To begin the lesson, I show the students the image that's used here as the lesson image. I ask them to consider our snowfall this year. Did they think it was more, or less than the amount shown in the image? Actually, we received approximately 93.6 inches this winter in Michigan!
I then ask what the "point 6" meant to them. I explain it means more than 93 inches, but not a whole inch more. This decimal number means 6/10 of the next full inch and it is just like talking about fractional parts. The ruler helps us determine more closely a measurement.
Next, I show the students a set of number lines that run from 0 to 1. Some are partitioned, and some are not. They are asked to figure out the intervals on the first page (twelfths) with their partner. I then ask them if they can use 12 as a number to figure out equal intervals, like the ones labeled to the side of each line. You may want your students to place the pages side by side in order to see the pattern.
As they work on this, with or without the Cuisenaire Rods, I travel around the room listening for precise vocabulary, and asking questions to take the children's thinking deeper. When you ask children to discuss their understanding and to look for patterns outside of the basic outcome of the lesson, you raise the rigor of the task. This is critical and a part of the Mathematical Practices.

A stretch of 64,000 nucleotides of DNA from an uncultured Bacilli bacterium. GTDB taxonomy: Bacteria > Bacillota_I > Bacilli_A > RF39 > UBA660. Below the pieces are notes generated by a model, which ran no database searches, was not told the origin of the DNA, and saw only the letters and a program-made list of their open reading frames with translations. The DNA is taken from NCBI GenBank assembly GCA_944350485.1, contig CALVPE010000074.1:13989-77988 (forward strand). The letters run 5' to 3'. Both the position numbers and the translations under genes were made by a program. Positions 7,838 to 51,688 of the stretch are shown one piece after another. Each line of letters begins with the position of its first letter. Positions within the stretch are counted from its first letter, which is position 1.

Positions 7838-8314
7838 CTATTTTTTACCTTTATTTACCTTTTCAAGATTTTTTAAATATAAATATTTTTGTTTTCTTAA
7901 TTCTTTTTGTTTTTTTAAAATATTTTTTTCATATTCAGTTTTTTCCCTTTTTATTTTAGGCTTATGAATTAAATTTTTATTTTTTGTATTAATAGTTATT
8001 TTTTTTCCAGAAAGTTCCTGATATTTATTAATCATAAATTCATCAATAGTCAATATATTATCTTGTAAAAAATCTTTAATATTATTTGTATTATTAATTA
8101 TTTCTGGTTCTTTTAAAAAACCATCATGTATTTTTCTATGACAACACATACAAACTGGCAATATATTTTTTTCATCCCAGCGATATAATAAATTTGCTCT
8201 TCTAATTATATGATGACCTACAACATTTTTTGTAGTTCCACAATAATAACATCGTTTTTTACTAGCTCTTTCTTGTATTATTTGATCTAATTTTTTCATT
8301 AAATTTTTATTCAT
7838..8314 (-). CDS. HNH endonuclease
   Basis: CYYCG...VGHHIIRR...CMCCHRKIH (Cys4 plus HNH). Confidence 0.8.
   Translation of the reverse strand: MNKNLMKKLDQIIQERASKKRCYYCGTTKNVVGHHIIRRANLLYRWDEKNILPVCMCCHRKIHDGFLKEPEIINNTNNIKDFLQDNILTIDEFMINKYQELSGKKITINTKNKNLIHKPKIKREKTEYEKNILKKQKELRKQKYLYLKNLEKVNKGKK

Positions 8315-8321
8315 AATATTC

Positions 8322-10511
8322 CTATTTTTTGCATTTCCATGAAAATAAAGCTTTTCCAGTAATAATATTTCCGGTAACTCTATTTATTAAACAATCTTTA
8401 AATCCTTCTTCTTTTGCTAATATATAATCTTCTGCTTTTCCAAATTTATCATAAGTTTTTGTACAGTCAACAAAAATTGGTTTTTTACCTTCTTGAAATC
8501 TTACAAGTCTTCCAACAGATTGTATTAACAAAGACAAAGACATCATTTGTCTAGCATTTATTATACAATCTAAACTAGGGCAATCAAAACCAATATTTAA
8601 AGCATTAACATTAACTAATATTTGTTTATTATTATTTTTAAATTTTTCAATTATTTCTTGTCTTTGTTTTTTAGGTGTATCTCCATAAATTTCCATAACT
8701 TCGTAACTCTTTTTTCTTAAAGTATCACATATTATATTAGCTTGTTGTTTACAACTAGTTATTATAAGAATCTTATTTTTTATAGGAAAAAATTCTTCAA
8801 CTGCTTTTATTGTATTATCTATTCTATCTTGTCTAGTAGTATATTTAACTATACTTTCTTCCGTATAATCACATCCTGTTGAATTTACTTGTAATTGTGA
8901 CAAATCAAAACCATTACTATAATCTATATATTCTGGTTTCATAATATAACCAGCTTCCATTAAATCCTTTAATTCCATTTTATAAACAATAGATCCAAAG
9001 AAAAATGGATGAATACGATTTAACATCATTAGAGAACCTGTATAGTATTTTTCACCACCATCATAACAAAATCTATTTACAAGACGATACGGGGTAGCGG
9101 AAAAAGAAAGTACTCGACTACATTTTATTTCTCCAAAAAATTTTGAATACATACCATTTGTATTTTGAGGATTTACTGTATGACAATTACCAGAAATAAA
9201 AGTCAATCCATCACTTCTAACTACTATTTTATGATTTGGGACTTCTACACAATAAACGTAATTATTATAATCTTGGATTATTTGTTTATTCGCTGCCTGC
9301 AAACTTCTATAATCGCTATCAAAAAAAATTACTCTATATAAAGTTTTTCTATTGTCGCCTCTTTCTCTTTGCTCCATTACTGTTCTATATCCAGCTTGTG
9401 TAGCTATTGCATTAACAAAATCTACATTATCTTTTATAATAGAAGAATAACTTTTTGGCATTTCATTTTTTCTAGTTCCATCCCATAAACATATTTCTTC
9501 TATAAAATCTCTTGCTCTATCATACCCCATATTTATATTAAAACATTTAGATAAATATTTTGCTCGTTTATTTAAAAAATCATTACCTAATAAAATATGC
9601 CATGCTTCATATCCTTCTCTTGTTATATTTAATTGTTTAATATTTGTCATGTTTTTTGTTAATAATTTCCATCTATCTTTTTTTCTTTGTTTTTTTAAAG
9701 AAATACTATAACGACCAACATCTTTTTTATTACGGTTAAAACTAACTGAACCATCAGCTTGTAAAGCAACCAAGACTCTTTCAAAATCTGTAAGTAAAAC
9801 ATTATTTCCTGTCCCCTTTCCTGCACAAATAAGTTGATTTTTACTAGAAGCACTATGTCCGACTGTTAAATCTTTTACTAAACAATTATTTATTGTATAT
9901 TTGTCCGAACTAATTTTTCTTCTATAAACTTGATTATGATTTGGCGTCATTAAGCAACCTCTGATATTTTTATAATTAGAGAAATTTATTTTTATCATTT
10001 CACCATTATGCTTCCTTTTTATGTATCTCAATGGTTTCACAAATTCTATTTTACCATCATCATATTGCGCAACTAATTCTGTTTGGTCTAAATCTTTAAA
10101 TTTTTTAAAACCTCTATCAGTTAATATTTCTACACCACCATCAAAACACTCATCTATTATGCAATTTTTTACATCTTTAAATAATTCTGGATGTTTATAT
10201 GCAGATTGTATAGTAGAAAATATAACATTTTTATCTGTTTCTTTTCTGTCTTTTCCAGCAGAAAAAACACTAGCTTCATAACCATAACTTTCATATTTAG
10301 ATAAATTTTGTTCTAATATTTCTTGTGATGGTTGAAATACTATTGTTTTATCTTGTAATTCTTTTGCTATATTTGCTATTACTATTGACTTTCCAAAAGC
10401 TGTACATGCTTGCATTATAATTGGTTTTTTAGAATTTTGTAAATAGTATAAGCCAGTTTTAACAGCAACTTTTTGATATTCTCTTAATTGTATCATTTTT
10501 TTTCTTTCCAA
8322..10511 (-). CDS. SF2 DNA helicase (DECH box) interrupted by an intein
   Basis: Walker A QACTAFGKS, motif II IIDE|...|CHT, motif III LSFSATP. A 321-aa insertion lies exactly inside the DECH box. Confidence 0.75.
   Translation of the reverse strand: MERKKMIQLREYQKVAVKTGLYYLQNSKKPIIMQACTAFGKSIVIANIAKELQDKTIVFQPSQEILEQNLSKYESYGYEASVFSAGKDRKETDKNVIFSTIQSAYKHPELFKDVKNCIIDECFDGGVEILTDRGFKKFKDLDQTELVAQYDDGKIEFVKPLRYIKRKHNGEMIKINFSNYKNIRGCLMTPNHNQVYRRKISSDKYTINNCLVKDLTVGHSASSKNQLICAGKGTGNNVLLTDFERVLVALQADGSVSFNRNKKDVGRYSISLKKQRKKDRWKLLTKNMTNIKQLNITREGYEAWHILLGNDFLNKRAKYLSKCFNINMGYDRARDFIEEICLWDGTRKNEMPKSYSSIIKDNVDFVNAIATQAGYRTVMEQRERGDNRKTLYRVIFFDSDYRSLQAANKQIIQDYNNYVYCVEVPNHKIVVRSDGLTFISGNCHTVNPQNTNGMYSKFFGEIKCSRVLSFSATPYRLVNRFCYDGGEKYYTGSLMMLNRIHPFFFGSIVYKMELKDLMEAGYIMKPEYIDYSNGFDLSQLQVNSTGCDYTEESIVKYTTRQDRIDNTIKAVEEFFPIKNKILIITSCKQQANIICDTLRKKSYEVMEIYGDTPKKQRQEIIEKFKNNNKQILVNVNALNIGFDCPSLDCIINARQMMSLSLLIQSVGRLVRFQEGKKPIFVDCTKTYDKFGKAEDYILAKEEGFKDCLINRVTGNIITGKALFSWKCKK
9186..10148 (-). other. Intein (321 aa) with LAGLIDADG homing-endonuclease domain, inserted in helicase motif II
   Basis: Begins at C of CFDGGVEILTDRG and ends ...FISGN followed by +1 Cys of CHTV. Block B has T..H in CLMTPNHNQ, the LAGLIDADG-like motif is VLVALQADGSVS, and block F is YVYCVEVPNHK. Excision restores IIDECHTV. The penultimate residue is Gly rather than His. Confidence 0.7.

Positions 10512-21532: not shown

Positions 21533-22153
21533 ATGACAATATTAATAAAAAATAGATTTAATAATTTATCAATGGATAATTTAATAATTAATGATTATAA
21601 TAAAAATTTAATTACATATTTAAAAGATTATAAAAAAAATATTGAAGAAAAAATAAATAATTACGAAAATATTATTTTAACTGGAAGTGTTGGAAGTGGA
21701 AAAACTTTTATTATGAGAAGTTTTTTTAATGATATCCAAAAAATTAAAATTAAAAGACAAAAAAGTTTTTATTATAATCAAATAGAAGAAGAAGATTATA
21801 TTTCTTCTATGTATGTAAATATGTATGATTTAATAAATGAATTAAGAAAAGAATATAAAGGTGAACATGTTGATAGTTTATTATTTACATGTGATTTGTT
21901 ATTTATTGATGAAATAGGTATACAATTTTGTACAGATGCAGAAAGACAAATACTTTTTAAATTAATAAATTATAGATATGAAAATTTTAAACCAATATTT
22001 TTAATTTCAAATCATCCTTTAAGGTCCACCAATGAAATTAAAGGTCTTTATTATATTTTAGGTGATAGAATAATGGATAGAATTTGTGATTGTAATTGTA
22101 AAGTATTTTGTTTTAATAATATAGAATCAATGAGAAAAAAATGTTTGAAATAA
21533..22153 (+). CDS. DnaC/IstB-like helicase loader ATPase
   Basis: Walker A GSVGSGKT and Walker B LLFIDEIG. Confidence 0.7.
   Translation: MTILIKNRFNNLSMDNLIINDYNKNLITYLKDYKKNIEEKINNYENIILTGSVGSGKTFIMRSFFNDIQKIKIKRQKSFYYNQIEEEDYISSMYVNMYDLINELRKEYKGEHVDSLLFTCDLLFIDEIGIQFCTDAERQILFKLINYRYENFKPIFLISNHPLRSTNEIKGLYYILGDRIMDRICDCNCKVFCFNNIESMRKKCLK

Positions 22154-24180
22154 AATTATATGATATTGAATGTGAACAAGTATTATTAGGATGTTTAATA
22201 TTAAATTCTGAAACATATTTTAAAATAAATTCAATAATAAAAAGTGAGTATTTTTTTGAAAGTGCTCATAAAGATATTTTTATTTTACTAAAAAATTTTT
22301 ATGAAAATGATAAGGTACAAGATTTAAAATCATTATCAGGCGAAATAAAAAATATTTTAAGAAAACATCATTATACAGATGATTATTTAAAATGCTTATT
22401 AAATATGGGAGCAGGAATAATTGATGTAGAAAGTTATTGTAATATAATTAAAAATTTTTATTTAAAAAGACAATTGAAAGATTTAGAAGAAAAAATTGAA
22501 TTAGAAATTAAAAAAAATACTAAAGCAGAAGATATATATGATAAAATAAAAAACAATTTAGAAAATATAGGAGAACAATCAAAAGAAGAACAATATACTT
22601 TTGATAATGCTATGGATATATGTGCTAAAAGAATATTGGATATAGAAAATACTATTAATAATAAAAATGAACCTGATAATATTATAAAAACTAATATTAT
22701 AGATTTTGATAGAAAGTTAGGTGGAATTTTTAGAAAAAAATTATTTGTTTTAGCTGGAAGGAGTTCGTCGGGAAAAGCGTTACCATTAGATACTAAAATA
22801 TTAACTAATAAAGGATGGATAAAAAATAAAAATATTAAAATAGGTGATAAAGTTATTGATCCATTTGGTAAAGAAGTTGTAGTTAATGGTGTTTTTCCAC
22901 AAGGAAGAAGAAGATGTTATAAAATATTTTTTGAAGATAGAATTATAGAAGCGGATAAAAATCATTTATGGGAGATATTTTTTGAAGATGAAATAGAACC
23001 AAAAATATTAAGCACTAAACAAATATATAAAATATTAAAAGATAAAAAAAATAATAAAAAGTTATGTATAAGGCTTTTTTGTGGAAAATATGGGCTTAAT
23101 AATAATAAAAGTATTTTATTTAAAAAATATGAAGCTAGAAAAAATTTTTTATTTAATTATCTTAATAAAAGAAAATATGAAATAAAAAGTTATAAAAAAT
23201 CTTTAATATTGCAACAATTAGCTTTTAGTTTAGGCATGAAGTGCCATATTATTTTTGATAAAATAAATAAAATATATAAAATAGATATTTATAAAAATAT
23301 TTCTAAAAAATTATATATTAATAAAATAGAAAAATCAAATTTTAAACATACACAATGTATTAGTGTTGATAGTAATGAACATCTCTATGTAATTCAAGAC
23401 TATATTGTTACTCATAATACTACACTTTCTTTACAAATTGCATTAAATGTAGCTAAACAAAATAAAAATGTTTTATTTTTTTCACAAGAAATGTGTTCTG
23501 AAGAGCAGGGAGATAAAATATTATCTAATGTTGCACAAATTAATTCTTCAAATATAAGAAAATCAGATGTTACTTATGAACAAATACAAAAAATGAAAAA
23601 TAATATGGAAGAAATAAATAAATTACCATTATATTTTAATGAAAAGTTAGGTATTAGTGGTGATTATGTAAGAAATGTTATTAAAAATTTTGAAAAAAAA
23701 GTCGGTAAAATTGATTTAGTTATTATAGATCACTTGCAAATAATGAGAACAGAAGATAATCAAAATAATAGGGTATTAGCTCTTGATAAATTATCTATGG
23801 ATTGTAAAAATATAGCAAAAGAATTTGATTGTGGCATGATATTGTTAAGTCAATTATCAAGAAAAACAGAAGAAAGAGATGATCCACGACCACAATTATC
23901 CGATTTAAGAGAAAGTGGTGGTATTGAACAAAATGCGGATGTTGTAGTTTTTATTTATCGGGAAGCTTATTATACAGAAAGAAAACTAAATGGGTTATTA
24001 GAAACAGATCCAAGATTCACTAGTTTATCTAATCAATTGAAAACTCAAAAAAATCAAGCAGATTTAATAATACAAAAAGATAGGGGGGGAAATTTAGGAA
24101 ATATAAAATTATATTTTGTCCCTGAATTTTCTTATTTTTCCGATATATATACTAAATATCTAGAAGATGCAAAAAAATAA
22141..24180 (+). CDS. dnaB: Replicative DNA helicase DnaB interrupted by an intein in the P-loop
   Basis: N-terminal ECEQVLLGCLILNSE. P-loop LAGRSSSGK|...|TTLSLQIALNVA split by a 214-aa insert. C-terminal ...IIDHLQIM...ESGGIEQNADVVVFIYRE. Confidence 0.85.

In this clip, you hear my student looking for a pattern on the page, which causes him to look at all the information, rather than each question or task as an isolated incident.
Also, during the activity, the students are asked to interact with various questions about the same number line, partitioned the same way, but with different tools. Each page takes away one "guide" and has the students making sense of the number line with fewer visual clues. On the last page, they must find the Cuisenaire rods that make the partitions equal on the line.
This student, in these two clips, is explaining what each of the numbers mean, and how she makes sense of 2/2 equaling 1.
This student explains what each fraction means on the number line. It is important to make sure the students know what these numbers represent.
You might want to place the pages found in the resource section side by side in order to compare twelfths to the other fraction names. If this comes up with the students, definitely begin a chart of equivalent fractions.
As a wrap up, I ask student teams to talk with another team about what was tricky today. Specifically, I ask them to share strategies with each other that they used to figure out the open number line for the sixths.
Many teams discuss that they divide the thirds in half (which was wonderful) as they were unable to find a Cuisenaire rod that equaled 1/6.
One student shows me how he learned the the number of "lines" to partition was one less than the unit fraction denominator. He also is able to locate some equivalent fractions, as seen in the reflection video.